Psychiatry Res 2014 May 24;216(3):351-6. Epub 2014 Feb 24.
Research Unit for Child and Adolescent Psychiatry, Aalborg University Hospital, Mølleparkvej 10, 9000 Aalborg, Denmark; Clinical Psychology and Epidemiology, University of Basel, Switzerland; Department of Child and Adolescent Psychiatry, University of Zurich, Switzerland.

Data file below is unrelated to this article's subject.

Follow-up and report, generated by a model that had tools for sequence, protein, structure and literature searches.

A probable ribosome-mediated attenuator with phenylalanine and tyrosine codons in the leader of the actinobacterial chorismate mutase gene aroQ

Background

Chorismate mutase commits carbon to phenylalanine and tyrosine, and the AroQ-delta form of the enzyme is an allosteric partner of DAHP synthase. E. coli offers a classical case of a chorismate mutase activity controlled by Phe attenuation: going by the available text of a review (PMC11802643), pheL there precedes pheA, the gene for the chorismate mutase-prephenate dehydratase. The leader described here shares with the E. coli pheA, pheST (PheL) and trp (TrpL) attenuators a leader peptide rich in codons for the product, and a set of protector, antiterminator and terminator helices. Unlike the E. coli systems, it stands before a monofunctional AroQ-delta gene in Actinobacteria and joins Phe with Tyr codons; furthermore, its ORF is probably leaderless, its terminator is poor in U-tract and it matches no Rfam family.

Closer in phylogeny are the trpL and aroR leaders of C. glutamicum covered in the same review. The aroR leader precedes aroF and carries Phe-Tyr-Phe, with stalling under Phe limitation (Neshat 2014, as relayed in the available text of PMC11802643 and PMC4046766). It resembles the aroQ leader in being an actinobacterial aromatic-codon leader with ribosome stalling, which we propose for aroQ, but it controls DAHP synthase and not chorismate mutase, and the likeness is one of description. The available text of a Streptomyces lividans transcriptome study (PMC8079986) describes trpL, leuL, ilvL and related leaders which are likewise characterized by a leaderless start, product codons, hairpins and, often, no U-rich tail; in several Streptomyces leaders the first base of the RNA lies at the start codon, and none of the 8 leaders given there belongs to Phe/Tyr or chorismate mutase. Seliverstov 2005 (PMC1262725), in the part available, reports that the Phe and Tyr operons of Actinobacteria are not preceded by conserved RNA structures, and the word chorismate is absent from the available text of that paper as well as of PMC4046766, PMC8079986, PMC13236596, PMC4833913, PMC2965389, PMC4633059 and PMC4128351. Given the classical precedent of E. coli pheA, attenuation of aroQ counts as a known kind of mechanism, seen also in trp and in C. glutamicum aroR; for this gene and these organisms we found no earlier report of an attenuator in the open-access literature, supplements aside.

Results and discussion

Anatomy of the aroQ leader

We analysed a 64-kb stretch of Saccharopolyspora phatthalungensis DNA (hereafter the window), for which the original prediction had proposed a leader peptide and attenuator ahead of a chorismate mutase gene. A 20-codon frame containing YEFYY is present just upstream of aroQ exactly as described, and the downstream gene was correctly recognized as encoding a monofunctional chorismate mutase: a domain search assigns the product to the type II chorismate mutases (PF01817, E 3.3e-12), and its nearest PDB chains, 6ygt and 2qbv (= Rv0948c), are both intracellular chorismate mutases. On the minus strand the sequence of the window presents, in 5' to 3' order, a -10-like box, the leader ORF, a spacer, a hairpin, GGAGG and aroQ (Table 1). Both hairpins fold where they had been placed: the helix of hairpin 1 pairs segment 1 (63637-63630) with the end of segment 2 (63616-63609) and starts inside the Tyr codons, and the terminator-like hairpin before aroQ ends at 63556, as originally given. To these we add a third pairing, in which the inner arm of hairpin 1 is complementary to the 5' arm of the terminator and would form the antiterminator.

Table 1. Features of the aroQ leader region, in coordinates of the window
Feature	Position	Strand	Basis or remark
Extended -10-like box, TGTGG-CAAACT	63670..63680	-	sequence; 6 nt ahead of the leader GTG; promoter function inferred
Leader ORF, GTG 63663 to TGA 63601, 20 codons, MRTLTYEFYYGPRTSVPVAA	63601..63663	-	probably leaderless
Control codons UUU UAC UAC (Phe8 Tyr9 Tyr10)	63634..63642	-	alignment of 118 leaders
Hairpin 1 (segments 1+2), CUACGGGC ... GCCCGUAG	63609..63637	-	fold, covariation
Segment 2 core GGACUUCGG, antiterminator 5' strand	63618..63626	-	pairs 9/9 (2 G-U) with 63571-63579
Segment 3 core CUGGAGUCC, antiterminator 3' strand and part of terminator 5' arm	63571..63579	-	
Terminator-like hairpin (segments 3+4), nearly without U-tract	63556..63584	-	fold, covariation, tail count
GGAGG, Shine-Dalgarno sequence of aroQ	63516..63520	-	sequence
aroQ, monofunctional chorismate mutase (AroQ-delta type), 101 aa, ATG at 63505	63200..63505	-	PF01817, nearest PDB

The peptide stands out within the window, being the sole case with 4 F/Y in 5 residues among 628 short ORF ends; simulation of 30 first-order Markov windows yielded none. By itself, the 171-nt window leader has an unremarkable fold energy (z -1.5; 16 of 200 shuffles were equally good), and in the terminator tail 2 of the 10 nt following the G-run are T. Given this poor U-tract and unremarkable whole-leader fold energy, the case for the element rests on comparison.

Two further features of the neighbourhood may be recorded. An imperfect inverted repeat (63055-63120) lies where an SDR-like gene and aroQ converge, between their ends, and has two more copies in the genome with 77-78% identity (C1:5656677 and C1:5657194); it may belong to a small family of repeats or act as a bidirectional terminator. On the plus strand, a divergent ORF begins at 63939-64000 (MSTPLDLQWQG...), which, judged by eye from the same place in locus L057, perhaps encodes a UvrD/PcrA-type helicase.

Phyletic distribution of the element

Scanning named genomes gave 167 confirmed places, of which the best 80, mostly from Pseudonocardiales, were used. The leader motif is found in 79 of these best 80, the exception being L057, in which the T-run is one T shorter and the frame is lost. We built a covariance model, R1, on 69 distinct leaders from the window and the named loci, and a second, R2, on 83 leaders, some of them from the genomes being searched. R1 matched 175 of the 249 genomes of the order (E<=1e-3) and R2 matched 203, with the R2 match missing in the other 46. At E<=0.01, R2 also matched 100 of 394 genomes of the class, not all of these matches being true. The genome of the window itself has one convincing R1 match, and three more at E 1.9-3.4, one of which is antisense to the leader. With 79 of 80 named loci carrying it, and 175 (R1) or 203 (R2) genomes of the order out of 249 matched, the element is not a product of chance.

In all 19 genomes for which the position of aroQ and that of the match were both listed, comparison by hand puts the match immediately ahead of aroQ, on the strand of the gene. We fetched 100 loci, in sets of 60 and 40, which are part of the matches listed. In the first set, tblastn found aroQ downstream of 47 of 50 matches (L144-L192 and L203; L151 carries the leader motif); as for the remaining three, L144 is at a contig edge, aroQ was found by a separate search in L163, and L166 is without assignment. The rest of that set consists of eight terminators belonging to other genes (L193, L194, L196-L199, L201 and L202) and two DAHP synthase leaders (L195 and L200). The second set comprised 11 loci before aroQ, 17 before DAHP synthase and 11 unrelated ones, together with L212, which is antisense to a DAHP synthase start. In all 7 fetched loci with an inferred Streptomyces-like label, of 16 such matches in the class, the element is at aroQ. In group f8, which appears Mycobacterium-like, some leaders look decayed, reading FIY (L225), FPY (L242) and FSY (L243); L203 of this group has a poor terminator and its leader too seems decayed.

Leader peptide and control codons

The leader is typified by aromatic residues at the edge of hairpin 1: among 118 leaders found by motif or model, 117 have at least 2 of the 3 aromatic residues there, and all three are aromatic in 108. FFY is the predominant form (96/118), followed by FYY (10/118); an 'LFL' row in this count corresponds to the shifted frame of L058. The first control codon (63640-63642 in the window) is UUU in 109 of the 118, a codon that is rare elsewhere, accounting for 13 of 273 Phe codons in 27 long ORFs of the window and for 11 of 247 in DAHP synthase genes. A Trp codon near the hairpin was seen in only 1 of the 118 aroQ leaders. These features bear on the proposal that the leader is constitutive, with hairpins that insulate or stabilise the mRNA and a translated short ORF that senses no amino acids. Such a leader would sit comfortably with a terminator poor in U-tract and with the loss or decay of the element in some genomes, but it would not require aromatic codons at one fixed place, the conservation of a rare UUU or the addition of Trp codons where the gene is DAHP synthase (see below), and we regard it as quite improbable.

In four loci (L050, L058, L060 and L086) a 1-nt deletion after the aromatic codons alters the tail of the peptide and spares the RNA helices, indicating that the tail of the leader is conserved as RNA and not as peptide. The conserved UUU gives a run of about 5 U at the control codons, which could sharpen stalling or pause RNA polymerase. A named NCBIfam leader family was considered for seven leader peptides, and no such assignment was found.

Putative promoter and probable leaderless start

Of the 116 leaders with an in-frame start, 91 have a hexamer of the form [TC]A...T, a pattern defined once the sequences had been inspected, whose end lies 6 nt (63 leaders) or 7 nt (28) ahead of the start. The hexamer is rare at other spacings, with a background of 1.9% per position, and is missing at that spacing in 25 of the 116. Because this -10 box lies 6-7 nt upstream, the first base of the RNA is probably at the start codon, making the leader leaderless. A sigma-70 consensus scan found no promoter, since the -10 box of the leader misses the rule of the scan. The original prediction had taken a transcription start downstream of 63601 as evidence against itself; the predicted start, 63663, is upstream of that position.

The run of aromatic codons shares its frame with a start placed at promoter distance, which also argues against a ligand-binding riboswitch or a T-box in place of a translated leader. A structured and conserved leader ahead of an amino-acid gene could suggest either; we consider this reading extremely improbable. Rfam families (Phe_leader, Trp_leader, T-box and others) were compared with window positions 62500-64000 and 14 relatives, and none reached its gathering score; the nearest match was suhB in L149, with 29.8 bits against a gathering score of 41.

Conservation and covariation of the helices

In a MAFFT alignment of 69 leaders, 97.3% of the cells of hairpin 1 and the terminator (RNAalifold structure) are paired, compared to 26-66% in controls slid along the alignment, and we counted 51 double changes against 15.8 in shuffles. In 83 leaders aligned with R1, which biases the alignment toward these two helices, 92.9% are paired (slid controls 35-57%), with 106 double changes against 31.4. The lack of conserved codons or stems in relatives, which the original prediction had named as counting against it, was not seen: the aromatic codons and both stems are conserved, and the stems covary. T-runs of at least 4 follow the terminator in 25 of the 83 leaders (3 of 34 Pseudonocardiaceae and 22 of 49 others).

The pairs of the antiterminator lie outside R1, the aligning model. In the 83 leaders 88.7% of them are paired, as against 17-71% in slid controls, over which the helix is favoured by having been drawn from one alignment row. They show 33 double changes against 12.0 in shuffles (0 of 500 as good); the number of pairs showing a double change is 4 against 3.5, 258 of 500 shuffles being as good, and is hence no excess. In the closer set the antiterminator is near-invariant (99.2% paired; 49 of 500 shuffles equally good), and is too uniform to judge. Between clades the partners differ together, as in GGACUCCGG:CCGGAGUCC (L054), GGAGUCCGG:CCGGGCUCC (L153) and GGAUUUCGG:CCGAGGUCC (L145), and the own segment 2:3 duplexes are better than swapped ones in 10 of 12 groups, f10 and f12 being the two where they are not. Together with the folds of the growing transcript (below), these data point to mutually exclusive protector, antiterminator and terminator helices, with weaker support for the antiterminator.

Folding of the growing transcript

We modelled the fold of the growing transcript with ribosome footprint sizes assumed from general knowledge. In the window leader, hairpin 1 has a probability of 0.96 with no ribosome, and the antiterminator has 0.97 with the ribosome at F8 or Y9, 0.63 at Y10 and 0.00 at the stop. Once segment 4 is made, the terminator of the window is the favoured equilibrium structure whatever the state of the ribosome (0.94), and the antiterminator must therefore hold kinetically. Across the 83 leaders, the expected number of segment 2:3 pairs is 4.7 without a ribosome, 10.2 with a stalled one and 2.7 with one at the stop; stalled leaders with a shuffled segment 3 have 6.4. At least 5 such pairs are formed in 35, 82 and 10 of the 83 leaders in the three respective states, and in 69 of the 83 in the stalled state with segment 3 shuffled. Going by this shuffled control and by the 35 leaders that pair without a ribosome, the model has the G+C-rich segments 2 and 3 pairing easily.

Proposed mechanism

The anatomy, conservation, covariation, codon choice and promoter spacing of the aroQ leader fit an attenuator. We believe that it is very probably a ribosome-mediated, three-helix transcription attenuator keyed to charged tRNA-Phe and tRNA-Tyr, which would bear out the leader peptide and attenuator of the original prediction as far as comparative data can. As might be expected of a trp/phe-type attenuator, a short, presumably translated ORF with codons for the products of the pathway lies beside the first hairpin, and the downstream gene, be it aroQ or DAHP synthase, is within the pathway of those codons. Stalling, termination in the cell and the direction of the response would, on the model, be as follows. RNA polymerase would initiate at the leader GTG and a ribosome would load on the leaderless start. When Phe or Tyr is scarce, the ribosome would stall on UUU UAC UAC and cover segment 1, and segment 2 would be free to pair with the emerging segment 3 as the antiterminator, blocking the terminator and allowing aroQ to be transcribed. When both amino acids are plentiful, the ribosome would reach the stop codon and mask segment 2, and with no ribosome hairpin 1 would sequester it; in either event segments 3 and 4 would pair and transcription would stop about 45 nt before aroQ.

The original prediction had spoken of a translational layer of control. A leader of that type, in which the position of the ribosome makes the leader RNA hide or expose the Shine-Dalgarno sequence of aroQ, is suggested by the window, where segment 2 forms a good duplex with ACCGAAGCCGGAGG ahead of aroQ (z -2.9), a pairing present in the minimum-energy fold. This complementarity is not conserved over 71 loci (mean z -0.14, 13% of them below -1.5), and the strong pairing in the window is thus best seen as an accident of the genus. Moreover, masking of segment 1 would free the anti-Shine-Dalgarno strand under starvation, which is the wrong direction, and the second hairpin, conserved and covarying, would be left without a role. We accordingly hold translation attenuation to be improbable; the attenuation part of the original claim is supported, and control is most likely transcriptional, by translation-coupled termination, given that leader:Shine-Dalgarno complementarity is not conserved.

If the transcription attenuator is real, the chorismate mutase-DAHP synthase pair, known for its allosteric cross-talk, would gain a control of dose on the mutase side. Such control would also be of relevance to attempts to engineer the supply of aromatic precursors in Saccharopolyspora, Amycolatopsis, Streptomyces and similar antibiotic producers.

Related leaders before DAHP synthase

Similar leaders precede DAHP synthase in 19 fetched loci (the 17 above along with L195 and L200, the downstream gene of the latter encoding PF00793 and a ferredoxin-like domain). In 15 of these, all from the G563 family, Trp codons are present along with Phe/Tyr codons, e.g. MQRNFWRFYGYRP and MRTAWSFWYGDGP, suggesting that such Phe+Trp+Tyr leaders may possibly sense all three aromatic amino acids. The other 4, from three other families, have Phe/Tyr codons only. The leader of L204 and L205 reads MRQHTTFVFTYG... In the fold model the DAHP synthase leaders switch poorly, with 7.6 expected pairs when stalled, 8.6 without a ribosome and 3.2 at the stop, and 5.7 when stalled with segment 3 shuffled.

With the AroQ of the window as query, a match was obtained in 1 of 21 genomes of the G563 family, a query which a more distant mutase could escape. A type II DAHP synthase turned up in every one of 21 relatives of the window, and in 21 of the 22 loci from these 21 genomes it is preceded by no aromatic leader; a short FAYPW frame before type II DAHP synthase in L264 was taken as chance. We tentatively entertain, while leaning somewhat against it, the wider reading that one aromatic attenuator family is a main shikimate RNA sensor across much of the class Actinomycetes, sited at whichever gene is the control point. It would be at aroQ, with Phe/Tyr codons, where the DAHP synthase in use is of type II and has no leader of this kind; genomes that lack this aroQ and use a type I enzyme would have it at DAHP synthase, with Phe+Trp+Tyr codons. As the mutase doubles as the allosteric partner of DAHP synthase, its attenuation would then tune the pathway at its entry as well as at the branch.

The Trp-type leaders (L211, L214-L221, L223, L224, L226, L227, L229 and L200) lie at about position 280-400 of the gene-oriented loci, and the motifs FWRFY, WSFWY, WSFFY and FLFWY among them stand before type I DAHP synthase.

The present study investigated how often anxiety disorders with different ages of onset occurred in affected families compared to control families. Furthermore, the study addressed the impact of sex, region of residence, year and month of birth, and parental age at birth. The sample included N=1373 child and adolescent psychiatric participants born between 1952 and 2000 and registered in the Danish Psychiatric Central Register (DPCR) who developed an anxiety disorder before the age of 18. N =4019 controls without any psychiatric diagnosis before age 18, were matched for age, sex, and residential region. Psychiatric diagnoses were also obtained for parents, siblings, and offspring. A family load component was obtained by using various mixed regression models. Anxiety disorders occurred significantly more often in case than in control families. Having a mother, father, or a sibling with the disorder was proven to be a risk factor. Female sex, year of birth, and region of residence were also associated with having an anxiety disorder. Furthermore, case relatives did not develop an anxiety disorder earlier than control relatives. These findings, based on a very large and representative dataset, provide further and solid evidence for the family aggregation of anxiety disorders.